Tom Hayes 15-Jul-2006 Opening Act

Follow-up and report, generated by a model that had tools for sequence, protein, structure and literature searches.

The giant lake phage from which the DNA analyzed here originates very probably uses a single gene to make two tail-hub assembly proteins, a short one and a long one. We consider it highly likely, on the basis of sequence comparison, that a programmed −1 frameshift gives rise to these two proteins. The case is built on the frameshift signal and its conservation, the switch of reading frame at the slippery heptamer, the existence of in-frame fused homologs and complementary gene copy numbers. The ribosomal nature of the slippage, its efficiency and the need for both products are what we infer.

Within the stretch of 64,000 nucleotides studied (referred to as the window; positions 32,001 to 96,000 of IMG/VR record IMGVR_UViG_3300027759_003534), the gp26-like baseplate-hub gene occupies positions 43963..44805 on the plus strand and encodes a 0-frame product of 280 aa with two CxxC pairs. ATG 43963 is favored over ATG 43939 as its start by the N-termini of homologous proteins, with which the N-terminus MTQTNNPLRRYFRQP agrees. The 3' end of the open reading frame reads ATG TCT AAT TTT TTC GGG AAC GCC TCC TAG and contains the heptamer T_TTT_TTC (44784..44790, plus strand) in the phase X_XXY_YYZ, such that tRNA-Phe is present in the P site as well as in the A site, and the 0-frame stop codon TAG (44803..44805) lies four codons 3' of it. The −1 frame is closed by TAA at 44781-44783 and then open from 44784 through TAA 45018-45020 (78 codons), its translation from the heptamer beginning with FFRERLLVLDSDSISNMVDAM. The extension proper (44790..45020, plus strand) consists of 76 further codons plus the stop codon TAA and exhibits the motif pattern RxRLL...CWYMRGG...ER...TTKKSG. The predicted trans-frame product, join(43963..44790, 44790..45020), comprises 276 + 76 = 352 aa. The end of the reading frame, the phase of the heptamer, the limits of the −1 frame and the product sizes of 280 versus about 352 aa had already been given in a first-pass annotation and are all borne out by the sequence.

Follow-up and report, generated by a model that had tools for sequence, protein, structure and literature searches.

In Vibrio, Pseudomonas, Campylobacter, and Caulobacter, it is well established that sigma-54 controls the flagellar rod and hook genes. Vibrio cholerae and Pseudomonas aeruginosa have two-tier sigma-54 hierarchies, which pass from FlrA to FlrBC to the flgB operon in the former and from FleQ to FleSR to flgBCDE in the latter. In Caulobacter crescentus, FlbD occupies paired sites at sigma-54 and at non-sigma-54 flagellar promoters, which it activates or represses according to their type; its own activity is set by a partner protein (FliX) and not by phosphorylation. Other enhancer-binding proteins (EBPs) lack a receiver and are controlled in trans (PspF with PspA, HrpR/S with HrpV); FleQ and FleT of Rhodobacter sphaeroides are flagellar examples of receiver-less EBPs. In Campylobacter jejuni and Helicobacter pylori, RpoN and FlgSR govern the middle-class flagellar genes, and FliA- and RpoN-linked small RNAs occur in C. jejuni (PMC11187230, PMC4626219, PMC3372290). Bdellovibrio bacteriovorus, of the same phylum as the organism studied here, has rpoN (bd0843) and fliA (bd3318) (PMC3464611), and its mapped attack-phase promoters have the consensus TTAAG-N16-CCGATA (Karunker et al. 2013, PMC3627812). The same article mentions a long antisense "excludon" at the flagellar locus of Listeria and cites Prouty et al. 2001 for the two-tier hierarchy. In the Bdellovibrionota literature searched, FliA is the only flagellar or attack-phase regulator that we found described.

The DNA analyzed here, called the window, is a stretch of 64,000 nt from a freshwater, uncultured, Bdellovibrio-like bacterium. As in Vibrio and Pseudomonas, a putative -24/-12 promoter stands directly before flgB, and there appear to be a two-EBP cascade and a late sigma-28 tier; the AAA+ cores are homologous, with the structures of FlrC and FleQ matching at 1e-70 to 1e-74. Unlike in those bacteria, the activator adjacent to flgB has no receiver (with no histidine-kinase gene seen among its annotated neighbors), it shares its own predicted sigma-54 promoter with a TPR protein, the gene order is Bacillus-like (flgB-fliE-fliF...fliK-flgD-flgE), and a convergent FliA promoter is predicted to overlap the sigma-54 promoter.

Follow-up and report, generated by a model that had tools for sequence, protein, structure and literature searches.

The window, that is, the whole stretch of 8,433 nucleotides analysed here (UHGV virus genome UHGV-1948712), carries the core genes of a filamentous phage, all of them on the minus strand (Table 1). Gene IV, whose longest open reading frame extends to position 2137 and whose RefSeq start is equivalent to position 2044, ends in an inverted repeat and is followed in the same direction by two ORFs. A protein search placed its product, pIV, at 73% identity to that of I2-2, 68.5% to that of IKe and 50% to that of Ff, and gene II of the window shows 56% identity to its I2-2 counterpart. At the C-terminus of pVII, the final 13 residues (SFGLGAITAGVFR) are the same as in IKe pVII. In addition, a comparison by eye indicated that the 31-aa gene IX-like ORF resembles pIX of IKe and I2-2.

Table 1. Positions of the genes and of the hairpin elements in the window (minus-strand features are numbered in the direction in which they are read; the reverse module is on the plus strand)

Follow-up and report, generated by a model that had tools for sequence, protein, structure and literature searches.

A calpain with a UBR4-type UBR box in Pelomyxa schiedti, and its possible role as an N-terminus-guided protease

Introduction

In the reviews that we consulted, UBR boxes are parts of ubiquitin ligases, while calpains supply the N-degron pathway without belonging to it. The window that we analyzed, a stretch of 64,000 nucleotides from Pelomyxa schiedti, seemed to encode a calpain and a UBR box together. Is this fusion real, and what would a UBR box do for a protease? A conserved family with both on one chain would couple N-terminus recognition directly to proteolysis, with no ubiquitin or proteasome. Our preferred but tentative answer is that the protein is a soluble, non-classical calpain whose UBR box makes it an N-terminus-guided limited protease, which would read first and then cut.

Small world time for me. One of the members is the brother of a very good friend of mine who I met through my work in the software industry. When I first visited his brother he stuck this album in my face and said "So you're into obscure rock music - bet you haven't heard of Stencil Forest?". He was right - I hadn't (this was 1995). They were from that unlikely hotbed of talent - Ft. Wayne, Indiana (Ethos, latter day Happy the Man). For those that are exceptionally perceptive, they did indeed get their name from the Happy The Man tune and apparently hung out with them quite a bit in the early 80's. So fast forward to 2004. They just re-mastered the tapes and privately released their sole album on CD (original LP’s command over $100 these days). I just received my copy and it sounds absolutely fantastic! Very professionally done throughout. Musically this is Midwest pomp/AOR with a prog twist. Think Styx, Kansas, later period Starcastle, REO Speedwagon, Shooting Star, etc… . Given the progressive leanings, probably the Canadian group Saga would be the most apt comparison. What’s most interesting is how creative some of the instrumental breaks are. Not in a flashy chops way, but very much like a Happy The Man or Genesis in their prime would do. There’s also the cringe inducing choruses and obvious play for radio, but they really were shooting for the big time. Had this come out a couple of years earlier, they might’ve made it too. The only song on here that plays it straight throughout is 'Looking Back', one that can be skipped over quickly. The title track is a Cliff Notes version of what Stencil Forest are all about. You’ll be fumbling for the remote after hearing the starting sequence with its 1980's AOR guitar chord rock and insipid chorus lines. Then, suddenly, the composition shifts to a complex and highly melodic mid-section. And back and forth it goes. This type of adventurism wasn't found on most 1980's arena rock albums. 'Celestial Voices', 'Just a Fantasy' and 'Crossroads' all have this yin / yang quality about them. 'The Pandemonium Shadow Show' is, not surprising with a title like that, the all out progressive rock track that makes fans of the genre wish they'd just done a whole album of similar. It’s also the longest track clocking in near 9 minutes (again no surprise). The final two tracks, 'Indian Summer' and 'Five Studded Poker Player' are probably the best overall when considering the balance of melodic content and progressive interludes. In fact, the latter track would've been my surprise pick for a single, as it has the type of hook that lasts long after the disc has ceased. Even the 1992 bonus cut ‘Five by Five’ is similar in construct. For vintage gear heads, it’s the Willy Wonka chocolate factory with Mellotron, Hammond B-3, Mini-Moog and Hohner D-6 Clavinet. Stencil Forest are a six member group so a lot of ideas and synergy can be heard. I can really appreciate the time and place aspect of this kind of music. And this is one of the finest examples I’ve heard – especially for the genre’s late date.

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